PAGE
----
Rating: PG/PG-13 for language (there is muuuuuch swearing in German--which I rather enjoyed--and also some in English.)

Overall: ★★★★1/2 One of the best historical novels I've read. Quirky. Dark. Brilliant.

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Saturday, March 2, 2013

Afterwife | Book Review

Afterwife by Polly Williams

My rating: 4 of 5 stars

"So I get run over by a bus and I am wearing my worst knickers. Huge banana-yellow knickers."

With these hilarious first words, I was completely hooked to Polly Williams' ghosty romance novel Afterwife. I read it in two short sittings in the library two days in a row. That said, it's not a perfect book. Here's the review breakdown:

Writing Technique: ★★★★ I love Williams' way with words. I found her hilarious and emotional and addicting to read. Like a grittier Cecelia Ahern - she blends comedy and drama very well. And what made me read this book cover to cover in two sittings was the writing style. It was spot on for me (although beware of a lot strong language and sexual content).

Character Development: ★★1/2 Agh. This is where the book lacked for me. The richest character was of course the dead wife/ghost, Sophie. But she didn't change through the book. And while the blurb makes it sound like Sophie plays matchmaker for her husband, (minor spoiler????) she actually doesn't contribute to the plot of the living characters at all. So I was puzzled in the end of the book as to the purpose of her character. Jenny and Ollie were the other protagonists, but they didn't change much either. Perhaps Ollie's perspective would have shown the most character growth as he is the widower who must cope with being without his wife and learn to move on etc. But we don't get a peek into his head. So :/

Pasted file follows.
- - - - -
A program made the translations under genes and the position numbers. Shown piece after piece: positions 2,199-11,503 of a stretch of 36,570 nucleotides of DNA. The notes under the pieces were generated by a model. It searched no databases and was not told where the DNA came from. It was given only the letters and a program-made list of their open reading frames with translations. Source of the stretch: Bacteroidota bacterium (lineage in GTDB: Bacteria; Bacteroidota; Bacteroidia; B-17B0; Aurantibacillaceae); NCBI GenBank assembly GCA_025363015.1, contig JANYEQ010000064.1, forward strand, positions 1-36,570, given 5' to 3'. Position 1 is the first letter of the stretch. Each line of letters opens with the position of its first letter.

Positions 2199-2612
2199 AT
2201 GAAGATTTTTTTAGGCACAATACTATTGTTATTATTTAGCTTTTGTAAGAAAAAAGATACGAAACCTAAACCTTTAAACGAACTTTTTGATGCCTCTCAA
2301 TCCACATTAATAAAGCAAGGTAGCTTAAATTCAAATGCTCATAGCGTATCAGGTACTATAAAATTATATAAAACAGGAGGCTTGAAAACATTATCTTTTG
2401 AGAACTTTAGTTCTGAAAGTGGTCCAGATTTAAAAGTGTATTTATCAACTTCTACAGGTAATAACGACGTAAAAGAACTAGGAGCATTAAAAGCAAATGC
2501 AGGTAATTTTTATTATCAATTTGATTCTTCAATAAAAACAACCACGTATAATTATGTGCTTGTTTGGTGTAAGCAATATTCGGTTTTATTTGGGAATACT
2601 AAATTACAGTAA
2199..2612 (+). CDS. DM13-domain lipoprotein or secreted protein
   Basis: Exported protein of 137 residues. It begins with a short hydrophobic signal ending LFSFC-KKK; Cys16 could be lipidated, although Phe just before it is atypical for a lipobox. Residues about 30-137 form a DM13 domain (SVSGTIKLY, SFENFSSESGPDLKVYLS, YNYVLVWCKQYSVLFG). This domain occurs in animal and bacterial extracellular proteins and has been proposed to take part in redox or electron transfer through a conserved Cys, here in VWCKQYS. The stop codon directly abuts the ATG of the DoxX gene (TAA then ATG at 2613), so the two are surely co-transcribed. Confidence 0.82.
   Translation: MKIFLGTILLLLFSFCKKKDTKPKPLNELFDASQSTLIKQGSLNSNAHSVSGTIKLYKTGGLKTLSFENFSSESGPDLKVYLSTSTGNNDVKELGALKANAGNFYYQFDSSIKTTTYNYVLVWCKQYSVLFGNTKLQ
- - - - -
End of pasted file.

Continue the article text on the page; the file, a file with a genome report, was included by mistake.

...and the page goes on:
Plot/Story Development: ★★ While I looooved the language and style of the author, the actual plotting was subpar. The world is huge with possibilities at the prospect of a ghost wife setting up her living husband and best friend, and I think all the best opportunities were wasted. I strongly disagreed with most of Williams' writing choices here. The romance between Ollie and Jenny was weak. The Big Secret That You Wait Forever To Find Out wasn't that big of a deal. The Guy You Just Know Is The Absolute Worst really was the worst and there was no twist or anything, just the waiting for the other characters to catch up. I dunno, in the end, the plot was where I was really disappointed. Bottom line: it's a love story lite with a haunty undertones.

Message/Theme: ★★★ life, death, family, friendship, lies, betrayal, soulmates, urban v suburban lifestyles, grief, know, the usual.

Rating: R for sexual content and strong language.

Overall: ★★★1/2 I was addicted to this book because the writing was funny and intriguing. Sadly the plot was predictable and uninspiring. For a light, feel-good, escapist read, look no further.